Three planets have been found 14 light-years away, circling the red dwarf Wolf 1061. One has an orbit compatible with liquid water – and potentially life – making it the closest undisputed planet to Earth in this category.
An M-type star with a quarter the Sun's mass and less than a hundredth its light, Wolf 1061 requires a small telescope to see. Even though the outermost planet has an orbit lasting 67.3 days (shorter than Mercury's), it receives less warmth than Mars. The innermost planet orbits in 4.9 days, and is far too hot for life.
Appropriately, Wolf 1061c is in the “Goldilocks zone,” a “just right” distance. With a mass at least 4.3 times that of Earth, it could be rocky, and its 17.9-day orbit means an Earth-like average temperature.
First author of The Astrophysical Journal Letters paper announcing the discovery, Dr. Duncan Wright of the University of New South Wales told IFLScience that the age and orbital distance indicate Wolf 1061c is probably “tidally locked.” One side of Wolf 1061c may always point towards its parent star, while the other experiences perpetual darkness. In between, a narrow strip may form a sort of localized Goldilocks zone of intermediate temperature.
Tidal locking “causes complexity for habitability,” Wright told IFLScience. “It doesn't preclude the possibility of life, but may make it harder.” On the other hand, he added, “there are always some unknowns, you would expect Mercury to be tidally locked and it didn't happen.”
Co-author Professor Chris Tinney added to IFLScience: “It is indeed probably the most exciting system we've yet found amongst the 50-odd planets we've found,” referring to his own team and not the overall count of exoplanets, which stands in the thousands.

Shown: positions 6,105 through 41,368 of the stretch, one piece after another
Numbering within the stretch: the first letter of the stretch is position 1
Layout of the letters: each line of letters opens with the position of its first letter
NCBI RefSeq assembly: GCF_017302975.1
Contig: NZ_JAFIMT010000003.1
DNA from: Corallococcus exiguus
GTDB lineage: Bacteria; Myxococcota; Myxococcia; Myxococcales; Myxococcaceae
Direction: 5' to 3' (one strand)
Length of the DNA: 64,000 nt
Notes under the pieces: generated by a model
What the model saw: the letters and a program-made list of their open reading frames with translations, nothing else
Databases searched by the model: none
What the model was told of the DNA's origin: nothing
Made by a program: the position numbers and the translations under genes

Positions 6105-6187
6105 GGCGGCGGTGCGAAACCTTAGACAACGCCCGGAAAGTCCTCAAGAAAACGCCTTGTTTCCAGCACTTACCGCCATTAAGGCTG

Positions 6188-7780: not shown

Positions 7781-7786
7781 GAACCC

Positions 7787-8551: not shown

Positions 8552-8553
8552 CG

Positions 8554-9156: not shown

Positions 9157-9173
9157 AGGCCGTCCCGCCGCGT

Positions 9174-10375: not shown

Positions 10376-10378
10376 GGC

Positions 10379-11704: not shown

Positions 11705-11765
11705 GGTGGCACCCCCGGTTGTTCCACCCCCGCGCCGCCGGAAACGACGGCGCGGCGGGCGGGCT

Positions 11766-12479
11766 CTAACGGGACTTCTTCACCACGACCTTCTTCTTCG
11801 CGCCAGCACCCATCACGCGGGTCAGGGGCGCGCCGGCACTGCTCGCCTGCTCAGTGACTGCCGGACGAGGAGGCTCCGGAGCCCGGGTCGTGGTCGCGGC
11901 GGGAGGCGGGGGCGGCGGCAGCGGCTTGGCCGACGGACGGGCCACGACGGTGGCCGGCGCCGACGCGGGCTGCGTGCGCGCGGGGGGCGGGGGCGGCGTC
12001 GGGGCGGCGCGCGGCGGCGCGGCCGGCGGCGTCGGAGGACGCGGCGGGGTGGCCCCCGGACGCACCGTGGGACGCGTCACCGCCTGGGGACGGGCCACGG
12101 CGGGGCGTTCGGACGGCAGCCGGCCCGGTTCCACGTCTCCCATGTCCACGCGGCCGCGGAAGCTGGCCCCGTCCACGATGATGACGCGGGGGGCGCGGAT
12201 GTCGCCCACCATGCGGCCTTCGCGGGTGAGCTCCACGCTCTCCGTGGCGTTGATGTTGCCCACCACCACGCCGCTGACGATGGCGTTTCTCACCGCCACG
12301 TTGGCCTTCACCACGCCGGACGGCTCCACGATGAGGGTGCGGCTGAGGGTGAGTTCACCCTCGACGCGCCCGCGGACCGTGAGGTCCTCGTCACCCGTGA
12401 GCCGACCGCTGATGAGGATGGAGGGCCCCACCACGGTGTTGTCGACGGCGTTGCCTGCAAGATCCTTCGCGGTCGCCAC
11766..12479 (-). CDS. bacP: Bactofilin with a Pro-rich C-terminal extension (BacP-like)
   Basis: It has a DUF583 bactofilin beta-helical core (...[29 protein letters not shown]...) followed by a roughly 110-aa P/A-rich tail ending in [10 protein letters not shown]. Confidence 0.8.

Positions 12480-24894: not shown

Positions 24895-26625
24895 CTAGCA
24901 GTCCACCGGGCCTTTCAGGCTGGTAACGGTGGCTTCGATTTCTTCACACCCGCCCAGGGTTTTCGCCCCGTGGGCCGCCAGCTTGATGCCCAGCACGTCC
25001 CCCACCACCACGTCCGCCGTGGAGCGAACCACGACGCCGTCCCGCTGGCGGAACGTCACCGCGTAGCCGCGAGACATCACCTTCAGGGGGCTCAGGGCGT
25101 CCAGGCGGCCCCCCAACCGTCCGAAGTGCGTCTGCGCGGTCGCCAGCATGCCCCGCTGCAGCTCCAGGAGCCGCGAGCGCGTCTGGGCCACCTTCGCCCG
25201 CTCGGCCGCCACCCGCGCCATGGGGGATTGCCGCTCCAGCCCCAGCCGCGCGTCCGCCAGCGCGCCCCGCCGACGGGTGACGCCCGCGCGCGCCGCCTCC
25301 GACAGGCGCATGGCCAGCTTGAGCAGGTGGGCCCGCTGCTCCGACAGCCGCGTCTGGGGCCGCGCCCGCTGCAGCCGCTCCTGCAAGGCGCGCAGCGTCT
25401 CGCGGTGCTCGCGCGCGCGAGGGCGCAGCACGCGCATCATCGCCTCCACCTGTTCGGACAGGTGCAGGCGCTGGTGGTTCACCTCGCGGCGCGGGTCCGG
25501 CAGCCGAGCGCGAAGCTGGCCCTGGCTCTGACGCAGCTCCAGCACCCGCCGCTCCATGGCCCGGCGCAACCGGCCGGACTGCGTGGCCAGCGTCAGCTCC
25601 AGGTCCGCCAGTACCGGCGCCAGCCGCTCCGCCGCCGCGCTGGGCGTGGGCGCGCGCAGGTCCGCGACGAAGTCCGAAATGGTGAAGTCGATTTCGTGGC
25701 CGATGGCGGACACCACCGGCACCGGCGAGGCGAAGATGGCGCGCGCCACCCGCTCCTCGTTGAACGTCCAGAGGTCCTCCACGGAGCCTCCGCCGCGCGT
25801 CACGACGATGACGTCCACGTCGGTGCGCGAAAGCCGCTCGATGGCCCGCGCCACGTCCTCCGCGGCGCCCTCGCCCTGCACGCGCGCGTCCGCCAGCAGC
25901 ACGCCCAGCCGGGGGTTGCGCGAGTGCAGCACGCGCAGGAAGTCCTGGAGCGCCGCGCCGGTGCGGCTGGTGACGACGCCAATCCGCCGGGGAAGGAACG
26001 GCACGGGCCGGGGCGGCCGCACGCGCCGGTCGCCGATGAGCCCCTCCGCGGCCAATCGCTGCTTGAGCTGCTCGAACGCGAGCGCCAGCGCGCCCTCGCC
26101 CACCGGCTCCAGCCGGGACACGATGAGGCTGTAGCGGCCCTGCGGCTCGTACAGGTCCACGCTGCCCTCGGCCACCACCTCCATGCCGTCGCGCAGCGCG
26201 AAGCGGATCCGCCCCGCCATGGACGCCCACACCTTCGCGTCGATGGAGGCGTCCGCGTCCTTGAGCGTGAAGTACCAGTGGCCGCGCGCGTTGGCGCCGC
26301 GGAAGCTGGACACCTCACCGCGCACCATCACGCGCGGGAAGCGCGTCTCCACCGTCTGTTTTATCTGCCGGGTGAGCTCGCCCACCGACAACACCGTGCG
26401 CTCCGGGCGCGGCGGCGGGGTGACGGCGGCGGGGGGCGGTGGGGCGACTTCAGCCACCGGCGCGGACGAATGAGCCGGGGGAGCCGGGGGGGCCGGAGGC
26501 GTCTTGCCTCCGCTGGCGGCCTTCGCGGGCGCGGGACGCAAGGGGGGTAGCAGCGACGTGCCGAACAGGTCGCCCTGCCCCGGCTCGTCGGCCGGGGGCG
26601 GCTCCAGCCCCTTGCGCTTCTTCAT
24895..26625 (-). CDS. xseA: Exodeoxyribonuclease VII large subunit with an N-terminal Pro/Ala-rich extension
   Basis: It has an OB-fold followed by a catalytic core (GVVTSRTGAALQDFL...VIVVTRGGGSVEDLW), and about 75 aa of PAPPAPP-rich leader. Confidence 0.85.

Planetary candidates have been reported around closer stars, some in habitable zones. Three years ago, Tinney announced evidence of five planets around the star Tau Ceti, two light-years closer than Wolf 1061, and our nearest Sun-like star. However, the evidence for Tau Ceti's planets is ambiguous. “In the catalogues, they are usually marked with an asterisk,” Wright said. Sadly for science fiction fans, the hypothesized Tau Ceti planets are probably ill-suited to advanced life, even if real.
Reports of a planet around Kapteyn's star are even more questionable, Wright added. Wolf 1061, however, is a very stable star with a slow rotation period, eliminating the noise that often interferes with planetary searches. Consequently, Wright said, “These planetary signals are very clear. There's not really anything else they could be.”
He added: “Any effort to estimate the star's age would have big error bars. But slow rotation does suggest a very old star,” offering plenty of time for life to evolve.
Besides its orbital distance and mass, we know nothing about Wolf 1061c. Wright said telescope time has been booked to investigate whether any of the planets transit their star, as seen from Earth. Transits would enable us to learn their size, determine mass more precisely, and measure any atmospheres. The authors calculate transit prospects at 14 percent, but Wright told IFLScience there are reasons to think it is higher than this.